Want to find out more? Check out Town Hall’s full Homecoming Festival lineup!

Meet the Otto

Located in the Forum, the Otto is a great spot to meet with friends before an event or keep the conversation going afterward! Here’s everything you need to know to make yourself at home at Town Hall’s newest bar:

When is the Otto open?

Throughout Homecoming (September 2 – 29, 2019), the Otto is open most event nights from 5:30pm – 10:30pm. Exceptions are below:

  • The Otto is closed Tuesday 9/3, Sunday 9/15, Tuesday, 9/17, and Friday 9/27.
  • The Otto has different hours Saturday 9/7 (1:30pm – 10:30pm), Sunday 9/8 (3pm – 7:30pm), Saturday 9/21 (3:30pm – 10:30pm), Sunday 9/22 (3pm – 7:30pm), and Sunday 9/29 (5:30pm – 7:30pm).

What does the Otto serve?

You can purchase beer, wine, and non-alcoholic beverages. You can also bring in your own snacks and non-alcoholic drinks.

Please note: Guests are not allowed to bring their own alcohol, and any alcohol purchased at Town Hall must be consumed on the premises in a safe and responsible manner. Town Hall staff will refuse sale to impaired or underage guests.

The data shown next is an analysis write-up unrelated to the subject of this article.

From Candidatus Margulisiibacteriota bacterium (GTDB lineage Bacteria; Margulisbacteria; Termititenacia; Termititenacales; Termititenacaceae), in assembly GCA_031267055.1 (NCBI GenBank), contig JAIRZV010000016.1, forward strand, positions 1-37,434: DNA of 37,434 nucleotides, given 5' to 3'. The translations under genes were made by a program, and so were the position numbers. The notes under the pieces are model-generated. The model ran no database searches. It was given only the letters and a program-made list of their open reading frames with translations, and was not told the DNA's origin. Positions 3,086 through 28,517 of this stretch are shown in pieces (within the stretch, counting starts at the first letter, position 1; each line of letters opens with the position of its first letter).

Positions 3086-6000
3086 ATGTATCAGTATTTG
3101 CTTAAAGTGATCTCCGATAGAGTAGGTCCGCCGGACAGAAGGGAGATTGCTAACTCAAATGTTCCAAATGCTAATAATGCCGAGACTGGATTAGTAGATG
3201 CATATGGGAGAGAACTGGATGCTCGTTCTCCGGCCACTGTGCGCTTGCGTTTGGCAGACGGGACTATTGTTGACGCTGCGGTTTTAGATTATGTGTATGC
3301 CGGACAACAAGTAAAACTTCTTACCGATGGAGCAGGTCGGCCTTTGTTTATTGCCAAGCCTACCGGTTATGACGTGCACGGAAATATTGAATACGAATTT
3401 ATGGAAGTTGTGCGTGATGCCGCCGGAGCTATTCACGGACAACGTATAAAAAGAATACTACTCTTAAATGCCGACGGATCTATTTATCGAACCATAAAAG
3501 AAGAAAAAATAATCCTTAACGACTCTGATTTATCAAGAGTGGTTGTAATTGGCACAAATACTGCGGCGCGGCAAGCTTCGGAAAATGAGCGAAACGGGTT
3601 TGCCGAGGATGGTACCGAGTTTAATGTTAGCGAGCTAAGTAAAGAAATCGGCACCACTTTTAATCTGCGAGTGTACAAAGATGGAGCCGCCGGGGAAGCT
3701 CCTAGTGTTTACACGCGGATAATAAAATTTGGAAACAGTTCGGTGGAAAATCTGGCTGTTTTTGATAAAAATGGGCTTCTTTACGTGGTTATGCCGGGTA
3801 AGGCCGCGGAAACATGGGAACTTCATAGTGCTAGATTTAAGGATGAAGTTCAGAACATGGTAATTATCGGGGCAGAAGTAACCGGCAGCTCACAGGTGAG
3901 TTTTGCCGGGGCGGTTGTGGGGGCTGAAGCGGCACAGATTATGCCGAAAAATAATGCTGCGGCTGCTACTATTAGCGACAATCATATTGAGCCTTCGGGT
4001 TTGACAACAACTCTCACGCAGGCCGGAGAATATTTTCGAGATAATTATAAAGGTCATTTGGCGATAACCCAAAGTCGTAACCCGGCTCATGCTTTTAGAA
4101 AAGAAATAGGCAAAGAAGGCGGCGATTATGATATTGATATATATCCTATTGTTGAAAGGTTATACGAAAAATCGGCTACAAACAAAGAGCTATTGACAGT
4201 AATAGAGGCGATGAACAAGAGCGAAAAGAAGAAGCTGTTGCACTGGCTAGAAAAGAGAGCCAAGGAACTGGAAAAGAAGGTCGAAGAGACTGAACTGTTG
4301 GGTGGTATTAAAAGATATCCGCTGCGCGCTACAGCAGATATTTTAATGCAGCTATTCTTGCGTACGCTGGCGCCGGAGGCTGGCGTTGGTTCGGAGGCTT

Is the Otto an all-ages space?

Yes! Everyone is welcome at the Otto. 

Is the Otto open while there’s an event in the Forum?

Service is usually paused during Forum events, but the space is still open. (You’re welcome to buy a ticket for the night’s program and stick around.) On evenings where there is a program in the Great Hall, but not the Forum, the Otto remains open for service throughout.

How did the Otto get its name?

The Otto is named after Otto Haas, the beloved grandfather of Duncan Haas of the Wyncote Foundation NW. Duncan is a visionary investor in Town Hall and gave a naming gift for the Forum during the renovation. It seemed fitting to honor his grandfather’s memory within the space!

What’s up with the wood on the bar?

The bar is made from reclaimed organ pipes from our old organ loft. (You can find even more of our former organ transformed into benches throughout the space and as a sculpture in the Reading Room.)

Pre-Shows, Post-Shows, Shows, Shows, Shows!

All through our Homecoming Festival, we’re hosting plenty of pre- and post-event meetups to bring our community together and keep the energy going beyond the stage. Stop by before an event or stick around after to take part in these meetups!